Home equity refers to how much you owe on your mortgage compared to how much your home is worth. Home equity starts with your home’s current value. Now subtract the amounts owed on any mortgages or other liens against it. These liens might be purchase loans that you used to buy the house, or second mortgages that were taken out later. The difference is your home equity. As a homeowner you can take the following steps to build equity in your home.
If you haven't bought a home yet, you can gain a lot of equity by taking one crucial first step: make a big down payment. The minimum down payment you'll need depends on which type of mortgage you get. You could need between 0% and 20%. You may want to place more than minimum, though. The larger your down payment, the more equity you have in your home.
A large down payment comes with other benefits, too. Lenders typically reward bigger down payments with better interest rates. If you place more than 20% down on a conventional mortgage, you do not have to pay for private mortgage insurance. PMI protects the lender from potential loss and depending on your credit score and the details of your loan, could cost you anywhere between .20 to 1.5% of the original loan amount per year.
Most homeowners make mortgage payments on a monthly basis, or 12 payments a year, until the loan is paid off. Part of each payment goes towards your principal and interest. By making more payments, you can put more money towards your principal each month and build home equity.
You will make 26 payments per year if you split your monthly payment into two equal amounts instead and send your payment every two weeks: 365 days per year divided by 14 days equals 26. This is the same as making 13 monthly payments. Using this approach will shave off a good bit of interest over the life of the loan. It will allow you to pay off the mortgage in a much shorter time frame and build equity faster.
Renovating certain areas of your house is an excellent way for you to add increased functionality and beauty to your property. A well-chosen home improvement can build equity in your home as well as make your home more comfortable to live in. The return on investment (ROI) of any given renovation project is a function of local market characteristics, the condition of the residential real estate market when the property is sold, and the quality of the work performed.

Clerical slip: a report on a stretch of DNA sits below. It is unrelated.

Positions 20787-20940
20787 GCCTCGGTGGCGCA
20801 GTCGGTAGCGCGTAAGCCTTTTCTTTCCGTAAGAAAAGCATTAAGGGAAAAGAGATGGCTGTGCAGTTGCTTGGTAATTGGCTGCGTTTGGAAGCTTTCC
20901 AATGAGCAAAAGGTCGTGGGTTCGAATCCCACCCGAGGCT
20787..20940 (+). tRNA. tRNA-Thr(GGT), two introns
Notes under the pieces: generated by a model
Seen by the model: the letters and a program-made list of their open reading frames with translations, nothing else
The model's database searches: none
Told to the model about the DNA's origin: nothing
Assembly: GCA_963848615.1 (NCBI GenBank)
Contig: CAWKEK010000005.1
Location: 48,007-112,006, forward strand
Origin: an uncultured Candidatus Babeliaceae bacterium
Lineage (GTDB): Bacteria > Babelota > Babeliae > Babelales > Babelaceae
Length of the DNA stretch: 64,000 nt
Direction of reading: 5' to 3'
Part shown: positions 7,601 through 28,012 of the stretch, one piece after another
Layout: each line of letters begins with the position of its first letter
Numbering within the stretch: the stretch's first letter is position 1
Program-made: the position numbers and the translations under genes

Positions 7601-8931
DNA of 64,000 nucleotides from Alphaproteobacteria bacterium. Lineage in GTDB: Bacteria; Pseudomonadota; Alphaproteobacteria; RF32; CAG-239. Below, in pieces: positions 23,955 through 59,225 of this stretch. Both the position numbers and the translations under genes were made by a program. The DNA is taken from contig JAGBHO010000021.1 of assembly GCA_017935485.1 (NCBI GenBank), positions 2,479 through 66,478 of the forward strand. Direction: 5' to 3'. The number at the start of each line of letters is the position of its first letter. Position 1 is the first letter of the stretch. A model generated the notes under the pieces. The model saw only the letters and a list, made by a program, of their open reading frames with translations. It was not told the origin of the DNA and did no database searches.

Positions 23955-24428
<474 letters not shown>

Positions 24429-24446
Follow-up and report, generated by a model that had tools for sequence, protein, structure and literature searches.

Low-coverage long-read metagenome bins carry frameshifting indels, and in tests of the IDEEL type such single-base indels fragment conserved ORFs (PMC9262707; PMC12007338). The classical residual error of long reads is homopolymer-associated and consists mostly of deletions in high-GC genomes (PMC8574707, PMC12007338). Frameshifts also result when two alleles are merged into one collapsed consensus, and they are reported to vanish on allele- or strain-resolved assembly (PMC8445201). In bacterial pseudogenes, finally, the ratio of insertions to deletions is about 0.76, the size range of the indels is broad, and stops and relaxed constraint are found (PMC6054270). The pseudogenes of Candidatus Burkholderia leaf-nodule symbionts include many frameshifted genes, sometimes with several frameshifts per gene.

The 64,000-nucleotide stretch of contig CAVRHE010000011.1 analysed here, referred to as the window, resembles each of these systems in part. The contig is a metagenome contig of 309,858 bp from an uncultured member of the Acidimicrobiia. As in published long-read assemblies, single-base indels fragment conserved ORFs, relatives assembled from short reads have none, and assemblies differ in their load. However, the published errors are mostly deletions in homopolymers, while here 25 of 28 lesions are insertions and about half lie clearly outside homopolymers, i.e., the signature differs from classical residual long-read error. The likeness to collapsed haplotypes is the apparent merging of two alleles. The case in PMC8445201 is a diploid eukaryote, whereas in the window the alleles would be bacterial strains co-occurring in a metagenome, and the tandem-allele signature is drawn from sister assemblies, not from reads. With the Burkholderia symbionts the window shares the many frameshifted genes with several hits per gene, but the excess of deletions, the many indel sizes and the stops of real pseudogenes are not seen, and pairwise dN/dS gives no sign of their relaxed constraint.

On average, certain projects, such as the addition of a wood deck, kitchen and bathroom upgrades, and window replacement, have shown the greatest ROI regardless of the property's location or the state of the residential property market.
Homeowners can do a mortgage refinance to get a lower interest rate and have more of their mortgage payments go towards their principal each month. By refinancing from a 30-year mortgage to a 15-year mortgage, you can pay off your mortgage much faster and build up home equity in a shorter amount of time. While you may be building equity more quickly, payments are typically higher on a shorter loan term.
Nowadays, homebuyers tend to place a greater emphasis on eco-friendly features, due to both a greater focus on environmental issues and recognition that energy efficiency saves money on their utility bills. Consider double-paned windows, enhanced attic insulation, LED lighting and efficient appliances as a way to increase home value. If you have enough money, you can also install solar panels on your roof.
Your home equity represents the current value of your home minus what you owe on your mortgage. By making bigger down payment at the start and using accelerated payments you can increase your home equity efficiently. Renovation also plays an important role when it comes to increasing the equity of your home.
Assistant Manager, Real EstateTreadstone Associates